I walked through the door and fell in love. Not with a stranger seated within Café Sperl, but with the coffee house itself…with the decor and atmosphere, but mostly with the second hand of the clock.
- First opened in 1880
- Elegant historical interior with an authentic atmosphere
- Close to the Naschmarkt and Theater an der Wien opera house
- See also: Vienna Cafés
Billiards and period drama
It’s kind of hard to come up with new things to say on a fresh visit to another coffee house. They do coffee. And cake. It’s great. Next.
The words come easier with Café Sperl, though.
An early Saturday morning meant few guests. Just a bespectacled gentleman in the corner with a newspaper: one of several regulars that appeared during my stay. And there was me, of course, instantly enamoured of the gorgeous setting. The entrance way alone felt like a Wellsian portal to another world; all wood, glass, and polished mirrors.
The patterned red upholstery fading gracefully with age. The huge brass lamp fittings with a hint of Art Nouveau about them. The tall ceiling decorated in white stucco. The marbled tabletops on decorated metal plinths. Marvellous.
And at one end of the café, a piano ringed by carved wooden panels and an old clock, whose second hand circled like a runner forever trapped on the last lap of the 10,000m – tired but determined.
I may be out by fifty years, but it all felt quite Edwardian. The sort of place you might enter with a cane, top hat and the very best of moustaches. As if the 20th century stopped around 1910.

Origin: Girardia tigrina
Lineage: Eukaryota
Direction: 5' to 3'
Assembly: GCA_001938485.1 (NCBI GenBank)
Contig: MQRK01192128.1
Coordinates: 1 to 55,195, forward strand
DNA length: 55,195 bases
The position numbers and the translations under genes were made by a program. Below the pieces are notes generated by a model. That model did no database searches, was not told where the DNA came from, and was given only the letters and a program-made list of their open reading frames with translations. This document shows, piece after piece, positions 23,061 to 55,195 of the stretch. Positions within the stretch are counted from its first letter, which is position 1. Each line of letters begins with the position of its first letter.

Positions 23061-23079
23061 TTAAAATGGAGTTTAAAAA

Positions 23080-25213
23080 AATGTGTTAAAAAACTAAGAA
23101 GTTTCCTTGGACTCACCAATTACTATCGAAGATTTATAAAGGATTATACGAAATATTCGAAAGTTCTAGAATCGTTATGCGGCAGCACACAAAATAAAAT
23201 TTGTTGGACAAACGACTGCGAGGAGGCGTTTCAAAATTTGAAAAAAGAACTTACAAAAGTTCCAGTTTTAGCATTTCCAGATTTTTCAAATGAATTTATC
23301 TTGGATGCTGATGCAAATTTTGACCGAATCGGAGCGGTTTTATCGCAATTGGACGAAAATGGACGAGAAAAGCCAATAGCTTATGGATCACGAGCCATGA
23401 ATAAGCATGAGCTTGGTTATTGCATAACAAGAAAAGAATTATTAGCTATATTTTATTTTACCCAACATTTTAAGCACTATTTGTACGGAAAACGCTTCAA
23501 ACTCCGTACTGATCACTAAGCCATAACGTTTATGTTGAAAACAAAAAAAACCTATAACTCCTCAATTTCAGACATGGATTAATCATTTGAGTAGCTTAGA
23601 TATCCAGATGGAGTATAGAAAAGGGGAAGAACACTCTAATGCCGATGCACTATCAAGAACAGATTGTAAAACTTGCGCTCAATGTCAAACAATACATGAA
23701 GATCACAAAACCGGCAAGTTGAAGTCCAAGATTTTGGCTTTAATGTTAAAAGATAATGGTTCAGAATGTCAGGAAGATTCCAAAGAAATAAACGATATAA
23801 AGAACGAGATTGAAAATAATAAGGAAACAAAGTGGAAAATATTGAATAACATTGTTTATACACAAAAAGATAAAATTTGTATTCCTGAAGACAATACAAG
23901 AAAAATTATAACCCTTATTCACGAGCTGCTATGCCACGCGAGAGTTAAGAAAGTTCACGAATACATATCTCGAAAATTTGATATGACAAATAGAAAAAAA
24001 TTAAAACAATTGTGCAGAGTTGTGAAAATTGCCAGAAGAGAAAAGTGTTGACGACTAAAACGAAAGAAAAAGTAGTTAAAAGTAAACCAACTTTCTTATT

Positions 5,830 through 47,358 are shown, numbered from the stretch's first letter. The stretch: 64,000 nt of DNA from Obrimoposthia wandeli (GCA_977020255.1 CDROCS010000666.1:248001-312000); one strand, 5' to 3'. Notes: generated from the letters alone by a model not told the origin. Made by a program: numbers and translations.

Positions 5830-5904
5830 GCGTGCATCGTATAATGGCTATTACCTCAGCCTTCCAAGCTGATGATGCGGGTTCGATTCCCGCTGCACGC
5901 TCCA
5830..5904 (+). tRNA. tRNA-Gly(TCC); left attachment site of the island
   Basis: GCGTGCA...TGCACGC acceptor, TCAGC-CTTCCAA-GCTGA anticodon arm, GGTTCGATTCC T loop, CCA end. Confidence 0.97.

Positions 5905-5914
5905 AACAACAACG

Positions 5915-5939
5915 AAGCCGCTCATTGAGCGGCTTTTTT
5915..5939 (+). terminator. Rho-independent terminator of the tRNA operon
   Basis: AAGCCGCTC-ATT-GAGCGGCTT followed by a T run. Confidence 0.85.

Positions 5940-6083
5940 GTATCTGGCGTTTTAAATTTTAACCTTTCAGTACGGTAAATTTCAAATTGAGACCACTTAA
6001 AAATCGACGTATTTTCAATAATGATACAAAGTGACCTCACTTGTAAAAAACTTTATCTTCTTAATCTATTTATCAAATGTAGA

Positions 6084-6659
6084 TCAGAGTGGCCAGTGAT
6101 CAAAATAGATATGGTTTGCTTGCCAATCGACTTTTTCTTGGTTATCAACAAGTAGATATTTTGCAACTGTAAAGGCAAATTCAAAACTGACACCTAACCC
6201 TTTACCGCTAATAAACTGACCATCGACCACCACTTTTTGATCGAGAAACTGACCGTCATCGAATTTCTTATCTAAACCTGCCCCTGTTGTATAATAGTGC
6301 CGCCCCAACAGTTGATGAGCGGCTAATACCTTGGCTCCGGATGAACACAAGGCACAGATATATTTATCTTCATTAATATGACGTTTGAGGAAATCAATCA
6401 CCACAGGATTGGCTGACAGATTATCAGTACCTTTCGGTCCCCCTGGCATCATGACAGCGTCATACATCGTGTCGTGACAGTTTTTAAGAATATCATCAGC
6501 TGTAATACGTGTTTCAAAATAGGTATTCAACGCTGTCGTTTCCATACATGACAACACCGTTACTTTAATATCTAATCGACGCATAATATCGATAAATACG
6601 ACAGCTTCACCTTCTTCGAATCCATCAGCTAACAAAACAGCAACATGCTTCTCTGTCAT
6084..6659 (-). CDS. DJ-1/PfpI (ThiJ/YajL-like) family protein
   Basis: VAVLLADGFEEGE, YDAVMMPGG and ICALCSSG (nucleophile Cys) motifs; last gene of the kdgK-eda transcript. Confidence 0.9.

Look out the window, and opposite is a 130-year-old house in the late historicism style. Instead of cars, you half expect to hear the rattle of carriage wheels and rushed clop of horses.
One side of the Sperl features three billiard tables, an array of newspapers and a little corner for kids. I even spotted two high chairs in the same dark bentwood design of the traditional coffee house chairs, which was rather sweet.
Those billiard tables make an appearance in the Vienna Blood period detective series set around 1900, which tells you something about the authenticity of the interior decor.
Turns out Café Sperl actually dates back to 1880. One of Vienna’s big theatre and opera houses is 200m away, so the coffee house became a haunt of creative spirits, but, curiously, also the military. This no doubt led to some robust discussions around the piano on late Sunday evenings. Artists versus Archdukes, books versus bombs.
An immaculately-dressed waitress brought me a house breakfast with quiet, studied efficiency. This included a selection of rolls, jam, butter (7/10 on the spreadability index), and a pot of coffee good for over two cups.
Café Sperl actually has quite a broad menu, almost restaurant-like in its size – everything from a croissant to baked Camembert. Coffee prices sit in the upper middle segment, I’d say.
I loved it. This may be where I go to write my next historical novel.
How to get to Café Sperl
The Sperl is closer to the centre that you might think at first glance of a map.
Subway: Just a short walk from Karlsplatz station (on the U1, U2 and U4 lines). Look for the Secession exit. Museumsquartier (U2 line) is close, too
Tram/bus: Take the 57A bus to Laimgrubengasse
Address: Gumpendorfer Straße 11, 1060 Vienna | Website